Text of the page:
Wednesday, December 11, 2013

Medicaid Pays for almost Half of Deliveries

In the United States...
41 percent of babies are born to unmarried women, up from 11 percent in 1970
28 percent of children live in a single-parent family, up from 12 percent in 1970
22 percent of children are poor, up from 15 percent in 1970

What if these problems have the same root cause—the dysfunctional American health insurance system? New data being collected from birth certificates suggest that, in fact, this might be the case.

Among babies born in 2011, Medicaid paid for fully 45 percent of deliveries. This figure almost equals the 46 percent of deliveries paid for by private health insurance. Medicaid is the government's health insurance program for the poor. With a normal hospital delivery averaging $9,000, the many young adults who do not have employer-provided health insurance (48 percent of the nation's 18-to-34-year-olds) are making a rational economic choice to stay single as they become parents. If they married, the combined income of husband and wife—even if they earned no more than minimum wage—would boost their household income above the Medicaid threshold. For many young adults, marriage would result in financial ruin because of the lack of health insurance.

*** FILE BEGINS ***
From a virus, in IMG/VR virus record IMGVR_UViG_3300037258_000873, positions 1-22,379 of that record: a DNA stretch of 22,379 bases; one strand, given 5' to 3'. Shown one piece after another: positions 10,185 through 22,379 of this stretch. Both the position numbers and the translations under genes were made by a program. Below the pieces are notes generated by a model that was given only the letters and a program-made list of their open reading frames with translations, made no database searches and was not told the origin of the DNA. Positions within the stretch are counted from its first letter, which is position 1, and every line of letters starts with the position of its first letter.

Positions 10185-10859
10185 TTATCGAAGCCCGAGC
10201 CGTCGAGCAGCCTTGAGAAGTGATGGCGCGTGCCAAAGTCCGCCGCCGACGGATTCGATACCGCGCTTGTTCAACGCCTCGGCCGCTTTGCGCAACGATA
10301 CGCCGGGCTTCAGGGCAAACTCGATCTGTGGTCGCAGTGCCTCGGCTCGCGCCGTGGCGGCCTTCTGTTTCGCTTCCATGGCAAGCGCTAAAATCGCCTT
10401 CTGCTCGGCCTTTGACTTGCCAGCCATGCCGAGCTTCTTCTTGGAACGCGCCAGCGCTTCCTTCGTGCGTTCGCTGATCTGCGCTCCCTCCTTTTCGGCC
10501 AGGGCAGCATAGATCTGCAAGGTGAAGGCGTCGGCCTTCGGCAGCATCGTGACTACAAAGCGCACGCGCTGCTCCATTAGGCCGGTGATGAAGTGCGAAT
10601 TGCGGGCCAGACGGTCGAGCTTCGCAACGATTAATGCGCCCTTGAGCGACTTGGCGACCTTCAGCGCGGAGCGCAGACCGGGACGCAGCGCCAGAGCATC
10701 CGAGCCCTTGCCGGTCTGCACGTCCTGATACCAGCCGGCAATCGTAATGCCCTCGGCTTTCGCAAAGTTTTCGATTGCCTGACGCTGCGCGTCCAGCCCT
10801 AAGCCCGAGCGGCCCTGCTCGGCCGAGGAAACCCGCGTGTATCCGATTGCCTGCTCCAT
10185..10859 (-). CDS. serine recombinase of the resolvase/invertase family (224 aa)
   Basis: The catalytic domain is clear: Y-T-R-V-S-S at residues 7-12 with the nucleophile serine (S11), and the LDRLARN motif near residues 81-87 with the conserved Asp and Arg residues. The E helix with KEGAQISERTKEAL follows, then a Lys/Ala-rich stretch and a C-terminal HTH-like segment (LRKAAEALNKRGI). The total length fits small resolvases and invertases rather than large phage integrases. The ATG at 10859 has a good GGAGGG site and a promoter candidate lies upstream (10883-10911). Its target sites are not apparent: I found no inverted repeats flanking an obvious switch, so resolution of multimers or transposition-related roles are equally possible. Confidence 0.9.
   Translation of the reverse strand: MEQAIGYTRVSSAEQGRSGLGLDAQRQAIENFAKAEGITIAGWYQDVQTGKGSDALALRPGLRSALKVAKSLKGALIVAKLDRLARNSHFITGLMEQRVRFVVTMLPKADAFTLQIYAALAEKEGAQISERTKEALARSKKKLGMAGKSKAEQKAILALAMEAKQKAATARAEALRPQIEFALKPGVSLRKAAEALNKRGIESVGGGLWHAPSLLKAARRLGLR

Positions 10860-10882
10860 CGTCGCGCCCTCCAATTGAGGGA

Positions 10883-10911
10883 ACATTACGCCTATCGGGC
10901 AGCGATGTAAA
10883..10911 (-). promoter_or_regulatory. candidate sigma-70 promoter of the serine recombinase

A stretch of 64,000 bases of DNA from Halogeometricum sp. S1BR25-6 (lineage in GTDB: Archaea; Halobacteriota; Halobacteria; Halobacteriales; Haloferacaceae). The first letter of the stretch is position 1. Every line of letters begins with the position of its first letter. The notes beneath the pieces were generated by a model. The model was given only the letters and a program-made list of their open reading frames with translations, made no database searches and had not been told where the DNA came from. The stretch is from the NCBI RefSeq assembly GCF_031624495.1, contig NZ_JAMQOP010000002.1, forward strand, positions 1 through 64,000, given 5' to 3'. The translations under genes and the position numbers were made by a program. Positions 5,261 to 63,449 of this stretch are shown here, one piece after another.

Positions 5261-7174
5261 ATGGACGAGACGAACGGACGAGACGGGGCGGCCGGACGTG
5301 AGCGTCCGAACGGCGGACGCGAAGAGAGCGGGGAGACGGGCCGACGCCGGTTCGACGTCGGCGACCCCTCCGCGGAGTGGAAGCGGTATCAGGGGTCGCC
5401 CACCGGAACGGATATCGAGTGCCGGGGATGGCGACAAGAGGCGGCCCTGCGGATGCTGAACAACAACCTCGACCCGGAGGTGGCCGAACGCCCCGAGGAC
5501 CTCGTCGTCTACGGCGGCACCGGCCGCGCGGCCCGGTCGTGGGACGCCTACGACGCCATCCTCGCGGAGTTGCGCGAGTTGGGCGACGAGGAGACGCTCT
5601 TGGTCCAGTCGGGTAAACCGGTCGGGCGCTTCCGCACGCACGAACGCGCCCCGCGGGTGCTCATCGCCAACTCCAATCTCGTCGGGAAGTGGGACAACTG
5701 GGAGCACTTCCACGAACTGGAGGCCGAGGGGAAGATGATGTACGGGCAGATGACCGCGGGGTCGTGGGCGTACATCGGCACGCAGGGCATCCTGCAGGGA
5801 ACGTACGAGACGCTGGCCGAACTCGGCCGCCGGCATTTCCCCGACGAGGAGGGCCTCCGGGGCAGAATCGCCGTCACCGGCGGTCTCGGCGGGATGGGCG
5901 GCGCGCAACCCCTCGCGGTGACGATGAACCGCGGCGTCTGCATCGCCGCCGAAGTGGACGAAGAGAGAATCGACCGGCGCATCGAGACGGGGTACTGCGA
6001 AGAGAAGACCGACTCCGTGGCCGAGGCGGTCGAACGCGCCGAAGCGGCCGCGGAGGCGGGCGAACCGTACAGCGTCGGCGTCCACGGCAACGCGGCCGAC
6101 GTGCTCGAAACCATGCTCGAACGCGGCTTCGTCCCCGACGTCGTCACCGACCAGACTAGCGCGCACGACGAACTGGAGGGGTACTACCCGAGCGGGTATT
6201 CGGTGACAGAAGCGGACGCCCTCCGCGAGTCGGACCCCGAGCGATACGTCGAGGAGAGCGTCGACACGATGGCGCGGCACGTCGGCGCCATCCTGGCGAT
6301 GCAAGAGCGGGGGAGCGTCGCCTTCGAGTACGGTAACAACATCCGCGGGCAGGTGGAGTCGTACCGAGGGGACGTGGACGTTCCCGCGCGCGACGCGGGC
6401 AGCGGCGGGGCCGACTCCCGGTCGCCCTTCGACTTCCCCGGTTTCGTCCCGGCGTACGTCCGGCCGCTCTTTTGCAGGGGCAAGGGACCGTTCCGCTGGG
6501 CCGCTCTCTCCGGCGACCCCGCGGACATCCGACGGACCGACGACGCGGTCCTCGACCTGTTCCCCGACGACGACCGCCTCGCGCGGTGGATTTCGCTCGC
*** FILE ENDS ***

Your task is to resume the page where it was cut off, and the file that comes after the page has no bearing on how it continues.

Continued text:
As the Affordable Care Act unfolds, it may have the unforeseen benefit of reducing out-of-wedlock births, single-parent families, and childhood poverty. By mandating maternity coverage in health insurance plans, and by subsidizing health insurance for low-income workers, getting married before having a baby may begin to make sense again.

Source: National Center for Health Statistics, Newly Released Data from the Revised U.S. Birth Certificate, 2011

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